I’m delighted to be part of the launch celebrations for Uncoiled Lies by Liz Mistry. Part of the DI Gus McGuire series, Uncoiled Lies was published by Bloodhound on 26th January 2017 and is available for purchase here.
Today I have an extract from Uncoiled Lies for you to enjoy.
Murder. Love. Corruption. DI Angus McGuire and the team are back and have their work cut out.
Murdered prostitutes and a turf war between local gangsters takes the investigation into Bradford’s Immigrant communities where tensions run high.
To make matters worse McGuire is juggling an illicit relationship with his boss’s daughter and has fraught family relations.
Who is The Old Man?
What is the link between three dead prostitutes and a long forgotten murder?
Will McGuire and his team get the answers they want or is the uncomfortable truth much closer to home?
An Extract from Uncoiled Lies
Angular but stooped, Bazza ‘The Bampot’ Green was of average height. He was in his fifties and bald and grey in equal measure. When he smiled, Alice noticed that his few remaining teeth were brown and jagged. His fingers were yellow as he beckoned them through and even from this distance she could smell his BO which vied with the smoke and grease that seemed to burst from the flat in a fetid cloud of filth.
With an exaggerated bow, he gestured for them to enter. Alice, wishing she’d thought to wear her old anorak rather than her new winter coat, marched in after him, her face impassive. The heavy, smoke-filled air and the fact that Bazza had already discarded one cigarette and lit up another confirmed Alice’s impression of a chain smoker. A wave of pity for Trixie rolled over her. Was it really worth the free rent to bed this disgusting creature?
Once in the small living room, Bazza gestured to a stained sofa and, whilst Sampson took advantage of the offer, Alice shook her head, wary of contaminating her clothing any more than was absolutely necessary. She began to wander idly round the room, taking in her surroundings. The conglomeration of cheap knick-knacks combined with the peeling, yellowing flock wallpaper and faded floral three-piece suite told her that Bazza hadn’t done any decorating since his mother died a few years previously. She wandered over and stood in front of the gas fire that was on full burn. ‘You heard about Trixie then, Bazza?’ she asked.
Bazza sighed. ‘Yes, very sad. One of your delightful little PC’s came with the news in the early hours of this morning.’ He shook his head. ‘Very sad indeed. A little cracker she was. Amenable.’ He glanced at Sampson and winked, ‘in every way.’
By the time he’d glanced over to her to gauge her reaction, Alice had banished the disgust from her face, replacing it with a disinterested expression as she walked over to the heavy wood sideboard that ran along the back wall behind Bazza’s chair. Objectionable little scrote, she thought taking a deep breath which she immediately regretted when smoke clogged her throat, making her cough. Damned if I’ll ask him for a glass of water, I’d rather choke to death than risk consuming anything in here. She waved a hand at Sampson telling him to take over, until she’d recovered.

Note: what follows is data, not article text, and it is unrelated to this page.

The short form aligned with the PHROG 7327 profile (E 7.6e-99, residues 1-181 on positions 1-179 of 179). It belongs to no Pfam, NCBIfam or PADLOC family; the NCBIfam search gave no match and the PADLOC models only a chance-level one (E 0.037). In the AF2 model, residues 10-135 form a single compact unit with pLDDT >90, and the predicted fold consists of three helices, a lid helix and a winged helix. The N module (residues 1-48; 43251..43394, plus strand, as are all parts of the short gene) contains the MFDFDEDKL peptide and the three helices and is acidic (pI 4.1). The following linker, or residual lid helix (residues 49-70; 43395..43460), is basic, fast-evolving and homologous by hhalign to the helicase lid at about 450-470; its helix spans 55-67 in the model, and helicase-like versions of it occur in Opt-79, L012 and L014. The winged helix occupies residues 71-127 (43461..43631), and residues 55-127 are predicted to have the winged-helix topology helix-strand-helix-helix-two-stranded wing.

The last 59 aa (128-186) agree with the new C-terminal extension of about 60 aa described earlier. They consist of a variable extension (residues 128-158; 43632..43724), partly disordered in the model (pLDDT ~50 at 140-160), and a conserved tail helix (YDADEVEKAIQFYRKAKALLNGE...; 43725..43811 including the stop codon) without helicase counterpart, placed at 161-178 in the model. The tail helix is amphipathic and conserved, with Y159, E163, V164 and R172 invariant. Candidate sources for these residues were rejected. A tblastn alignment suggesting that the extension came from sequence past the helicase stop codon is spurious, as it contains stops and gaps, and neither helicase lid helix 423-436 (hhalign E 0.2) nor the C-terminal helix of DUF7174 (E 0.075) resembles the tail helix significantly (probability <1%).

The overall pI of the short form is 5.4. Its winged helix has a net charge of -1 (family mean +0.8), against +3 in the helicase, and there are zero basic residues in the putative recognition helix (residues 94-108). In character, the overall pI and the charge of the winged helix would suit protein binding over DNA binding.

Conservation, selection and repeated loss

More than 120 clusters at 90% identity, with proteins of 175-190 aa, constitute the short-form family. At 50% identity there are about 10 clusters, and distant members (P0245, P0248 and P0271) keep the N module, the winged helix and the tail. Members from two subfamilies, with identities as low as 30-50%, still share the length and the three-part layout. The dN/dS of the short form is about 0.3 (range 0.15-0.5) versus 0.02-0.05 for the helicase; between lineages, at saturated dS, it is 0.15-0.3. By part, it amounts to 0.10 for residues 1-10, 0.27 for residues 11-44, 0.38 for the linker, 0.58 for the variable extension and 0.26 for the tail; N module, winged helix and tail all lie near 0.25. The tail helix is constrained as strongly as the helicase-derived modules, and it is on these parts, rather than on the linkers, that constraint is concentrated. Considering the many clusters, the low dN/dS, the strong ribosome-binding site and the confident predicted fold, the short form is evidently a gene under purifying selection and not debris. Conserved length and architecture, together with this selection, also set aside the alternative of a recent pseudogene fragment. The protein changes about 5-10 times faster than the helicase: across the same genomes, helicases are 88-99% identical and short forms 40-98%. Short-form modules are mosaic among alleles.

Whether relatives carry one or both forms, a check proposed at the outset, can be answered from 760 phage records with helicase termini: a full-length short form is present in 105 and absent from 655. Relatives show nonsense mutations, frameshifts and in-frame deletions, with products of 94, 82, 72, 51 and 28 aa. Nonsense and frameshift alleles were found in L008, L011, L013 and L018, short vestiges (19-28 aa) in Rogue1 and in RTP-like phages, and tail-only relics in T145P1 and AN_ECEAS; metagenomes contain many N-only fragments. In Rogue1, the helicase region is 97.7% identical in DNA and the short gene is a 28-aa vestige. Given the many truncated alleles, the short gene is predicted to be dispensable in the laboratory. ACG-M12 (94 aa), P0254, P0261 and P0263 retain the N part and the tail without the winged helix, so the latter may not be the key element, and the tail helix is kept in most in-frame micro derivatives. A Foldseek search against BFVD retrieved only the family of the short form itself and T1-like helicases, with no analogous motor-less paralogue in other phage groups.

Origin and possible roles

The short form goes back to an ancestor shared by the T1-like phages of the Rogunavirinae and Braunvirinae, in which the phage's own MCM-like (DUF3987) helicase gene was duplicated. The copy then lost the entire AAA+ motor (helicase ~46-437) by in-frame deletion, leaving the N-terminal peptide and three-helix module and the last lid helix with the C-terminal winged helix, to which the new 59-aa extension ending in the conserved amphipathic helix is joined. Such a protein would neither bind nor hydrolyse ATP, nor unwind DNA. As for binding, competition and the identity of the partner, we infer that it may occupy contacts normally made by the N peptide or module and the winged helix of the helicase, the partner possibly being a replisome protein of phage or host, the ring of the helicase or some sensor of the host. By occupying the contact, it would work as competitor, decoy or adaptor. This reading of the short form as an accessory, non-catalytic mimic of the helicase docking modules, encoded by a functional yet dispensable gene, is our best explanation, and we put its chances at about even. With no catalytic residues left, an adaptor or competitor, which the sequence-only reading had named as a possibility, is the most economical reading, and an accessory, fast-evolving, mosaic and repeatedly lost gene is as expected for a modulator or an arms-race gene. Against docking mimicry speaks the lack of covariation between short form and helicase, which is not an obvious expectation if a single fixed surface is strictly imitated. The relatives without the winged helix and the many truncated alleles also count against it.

‘I see you’re heartbroken,’ said Sampson, deadpan.
Bazza leaned back in his chair and flicked ash towards an overfilled ashtray. For a moment, he craned his neck to observe Alice who, having recovered from her coughing fit, was looking at the collection of tat on the sideboard. With a shrug he brought his attention back to Sampson. ‘No, not heartbroken. That would be a bit too strong a word. More like… dissatisfied.’
‘What do you mean?’ asked Alice, standing directly behind him, forcing him to strain to see her.
‘She’s a business asset or, rather, she was. Now, she’s a loss. Causes me a lot of hassle you know? Finding a new girl and all that.’
‘You know pimping is illegal, don’t you, Bazza?’ said Alice, lifting a dirty ornament off the sideboard and looking at the ‘made in China’ label on the underside, ‘Nice stuff you’ve got here.’
‘Now, there’s no need to be nasty. I’m co-operating because I don’t like murder. I’m not a pimp. No. The girls come to me to be looked after and that’s what I do. Look at the flat I gave Trixie and Jessica. Rent free it was, though of course I’ll have to reconsider that now.’
‘Surely not completely rent free, Bazza?’ said Sampson ‘We heard there were conditions attached. You know, free rent for services rendered?’
Bazza lit another cigarette, threw back his head, and laughed. ‘Now, you’ve got that wrong son. Trix and me, well, we had a relationship. I treated her right. Took her to my penthouse, bought champagne and such like and we enjoyed ourselves.’
Alice muffled a laugh that had Bazza whirling round in his chair, ash flying from his cigarette as he moved. ‘That’s not the word on the street, Bazza. Word is that you got the enjoyment and she anaesthetised herself on the free booze to get through it.’
He screwed up his face and turned back to Sampson. ‘She’s got a nasty tongue in her mouth, that one.’
About Liz Mistry
Liz Mistry is a crime writer based in Bradford but originally from West Calder in Scotland. She studied at Stirling University and taught in Bradford inner-city Primary schools for many years. Liz writes gritty crime fiction drawing on the richness of Bradford’s diverse cultures and her writing is heavily influenced by Tartan Noir writers such as, Stuart MacBride, Ian Rankin and Val McDermid. Unquiet Souls was her debut novel and she looks forward to writing many more featuring her main character DI Gus (Angus) McGuire and his team, with Uncoiled Lies out now.
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